Beate Sirota Gordon died at the age of 89 yesterday. She was an amazing woman who singlehandedly changed the destiny of Japanese women by being at the right place at the right time — with the intelligence and confidence to do what only she at the time could do. She was the only woman on General MacArthur’s staff who was assigned to help write a new constitution for Japan at the end of World War II. She wasn’t an expert on constitutional law or a scholar (one has to wonder if that wasn’t a good thing!). She was 22 years old, the only woman in the room, and a talented interpreter who was told to draft articles on women’s rights in just a week.
It was an extraordinary moment for an extraordinary woman. Informed by the U.S. Constitution and constitutions from countries around the world, she changed the course of Japan’s history and the status of Japanese women from that day onward. In Article 14 of the constitution, she wrote, “All of the people are equal under the law and there shall be no discrimination in political, economic or social relations because of race, creed, sex, social status or family origin.” Article 24 gave women protections in areas including “choice of spouse, property rights, inheritance, choice of domicile, divorce and other matters.”
This incredible woman worked to free the women of Japan in a way that seemed almost miraculous. The power of that struck me. I thought to myself of all the things Gordon could have written, of all she could have focused on, and yet she knew what had to come first, the foundation had to be laid — equal rights under the law. The feudal system of the monarchy had denied women liberty and rights to their own property for too long, and Beate knew it had to end in order for them to be set free. With a stroke of a pen, she set loose what was already a fundamental truth coursing through their veins.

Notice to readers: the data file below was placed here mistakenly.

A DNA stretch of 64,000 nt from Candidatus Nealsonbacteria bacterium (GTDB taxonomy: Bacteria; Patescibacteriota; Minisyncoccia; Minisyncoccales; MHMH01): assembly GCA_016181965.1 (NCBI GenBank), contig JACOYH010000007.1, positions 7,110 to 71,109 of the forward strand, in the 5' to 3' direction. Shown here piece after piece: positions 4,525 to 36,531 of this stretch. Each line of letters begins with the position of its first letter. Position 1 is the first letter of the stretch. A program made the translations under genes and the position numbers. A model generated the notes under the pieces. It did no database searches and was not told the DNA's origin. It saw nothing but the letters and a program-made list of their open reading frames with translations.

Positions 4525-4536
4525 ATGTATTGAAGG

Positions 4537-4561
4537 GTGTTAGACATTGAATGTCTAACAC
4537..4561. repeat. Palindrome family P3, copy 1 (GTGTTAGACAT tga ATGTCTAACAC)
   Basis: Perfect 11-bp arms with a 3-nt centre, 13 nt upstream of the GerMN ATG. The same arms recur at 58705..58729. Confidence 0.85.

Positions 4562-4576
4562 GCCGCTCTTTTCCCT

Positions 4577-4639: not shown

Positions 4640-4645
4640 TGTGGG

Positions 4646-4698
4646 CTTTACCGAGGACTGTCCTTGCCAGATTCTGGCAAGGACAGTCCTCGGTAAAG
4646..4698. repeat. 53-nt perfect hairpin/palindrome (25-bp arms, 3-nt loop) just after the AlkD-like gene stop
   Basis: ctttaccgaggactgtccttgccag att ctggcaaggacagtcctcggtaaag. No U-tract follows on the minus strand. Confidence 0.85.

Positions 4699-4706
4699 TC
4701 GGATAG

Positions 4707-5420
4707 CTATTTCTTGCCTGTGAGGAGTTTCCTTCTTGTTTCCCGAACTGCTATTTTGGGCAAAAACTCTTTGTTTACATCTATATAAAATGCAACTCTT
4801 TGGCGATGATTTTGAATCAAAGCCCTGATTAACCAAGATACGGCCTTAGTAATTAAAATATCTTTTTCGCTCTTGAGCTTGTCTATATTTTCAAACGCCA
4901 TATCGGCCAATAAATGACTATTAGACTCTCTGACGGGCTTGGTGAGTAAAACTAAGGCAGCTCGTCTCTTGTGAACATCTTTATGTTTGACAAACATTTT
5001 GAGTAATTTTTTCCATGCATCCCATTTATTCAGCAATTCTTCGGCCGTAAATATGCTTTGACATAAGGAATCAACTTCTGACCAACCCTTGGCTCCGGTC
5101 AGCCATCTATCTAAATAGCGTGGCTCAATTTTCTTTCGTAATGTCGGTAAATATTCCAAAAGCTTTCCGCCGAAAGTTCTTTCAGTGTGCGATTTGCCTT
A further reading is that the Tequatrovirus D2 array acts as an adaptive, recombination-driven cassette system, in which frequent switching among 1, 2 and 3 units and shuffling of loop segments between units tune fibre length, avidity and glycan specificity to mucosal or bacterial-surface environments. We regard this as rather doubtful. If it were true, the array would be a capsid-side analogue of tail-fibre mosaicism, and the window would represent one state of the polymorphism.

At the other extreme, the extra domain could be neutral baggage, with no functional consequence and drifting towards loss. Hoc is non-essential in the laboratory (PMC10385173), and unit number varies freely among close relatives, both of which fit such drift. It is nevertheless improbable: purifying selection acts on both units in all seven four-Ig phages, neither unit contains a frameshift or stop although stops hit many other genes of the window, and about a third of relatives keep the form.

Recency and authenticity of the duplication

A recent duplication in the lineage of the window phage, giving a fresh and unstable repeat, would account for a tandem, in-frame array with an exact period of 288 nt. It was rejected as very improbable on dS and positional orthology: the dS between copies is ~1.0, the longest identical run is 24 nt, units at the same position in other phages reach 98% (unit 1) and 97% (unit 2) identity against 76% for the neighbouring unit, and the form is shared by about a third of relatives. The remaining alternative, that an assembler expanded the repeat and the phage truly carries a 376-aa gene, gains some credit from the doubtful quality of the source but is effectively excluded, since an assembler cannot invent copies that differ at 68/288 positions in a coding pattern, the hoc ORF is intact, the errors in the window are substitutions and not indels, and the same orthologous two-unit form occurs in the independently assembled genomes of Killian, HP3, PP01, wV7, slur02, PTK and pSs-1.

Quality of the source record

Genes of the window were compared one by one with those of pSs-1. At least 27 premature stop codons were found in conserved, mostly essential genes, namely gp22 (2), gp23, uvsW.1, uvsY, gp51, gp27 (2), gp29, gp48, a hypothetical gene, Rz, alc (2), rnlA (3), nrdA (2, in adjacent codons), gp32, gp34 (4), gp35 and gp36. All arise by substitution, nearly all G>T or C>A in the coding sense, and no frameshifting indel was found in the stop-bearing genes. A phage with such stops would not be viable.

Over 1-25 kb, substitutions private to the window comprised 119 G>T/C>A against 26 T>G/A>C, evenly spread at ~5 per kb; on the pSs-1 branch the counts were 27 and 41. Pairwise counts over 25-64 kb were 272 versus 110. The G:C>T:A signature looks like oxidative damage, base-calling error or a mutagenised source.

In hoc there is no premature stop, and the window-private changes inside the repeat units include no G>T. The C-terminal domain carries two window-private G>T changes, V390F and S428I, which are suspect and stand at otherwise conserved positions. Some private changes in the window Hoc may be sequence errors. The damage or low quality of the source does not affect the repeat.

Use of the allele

Some think those of us who advocate individual rights and liberty for all are not sensitive to the everyday plights of women or to the many issues that face them, the pain they endure, the struggles they face. Some think that because we don’t look for a law or policy to fix everything that’s wrong, that somehow we don’t care. And yet that is so far from the truth. We understand the pain and struggle women face. We know the heartache of every woman who feels helpless as she kneels under the weight of an abuser’s heavy hand. We know. We also know the answer is not in what men can give us. It’s in nature’s God, in the rights given to each of us as individuals. It is not in the promises of government or in the decrees of a king. It’s in the fundamental rights of every human being to live freely and to succeed or fail according to their own initiative or even to the seemingly unjust course of life.
Beate Sirota Gordon did not give the Japanese women free housing, free healthcare, free transportation, free education, or even free birth control. She gave them freedom, and the only reason she could give them that — and the only reason freedom has endured since it was penned in that constitution in 1946 — is because it was born of something bigger than Beate Gordon, something bigger than MacArthur and the United States, and something bigger than Emperor Hirohito.
It was born of nature’s God, and as such it can never be taken away. It can be stolen for a while, as it has been on many, many occasions throughout human history. But inevitably it will rise and break the chains that bind us. It will use whatever means are necessary. Those means might come as educated, determined men gather together in a crowded room during hot summer days to form a more perfect union, or it might come from a single 22-year-old woman who knows nothing about laws and constitutions, who is alone in a room full of men, but who is determined to do what is right to set a people free. That is the power of liberty. That is the power of God.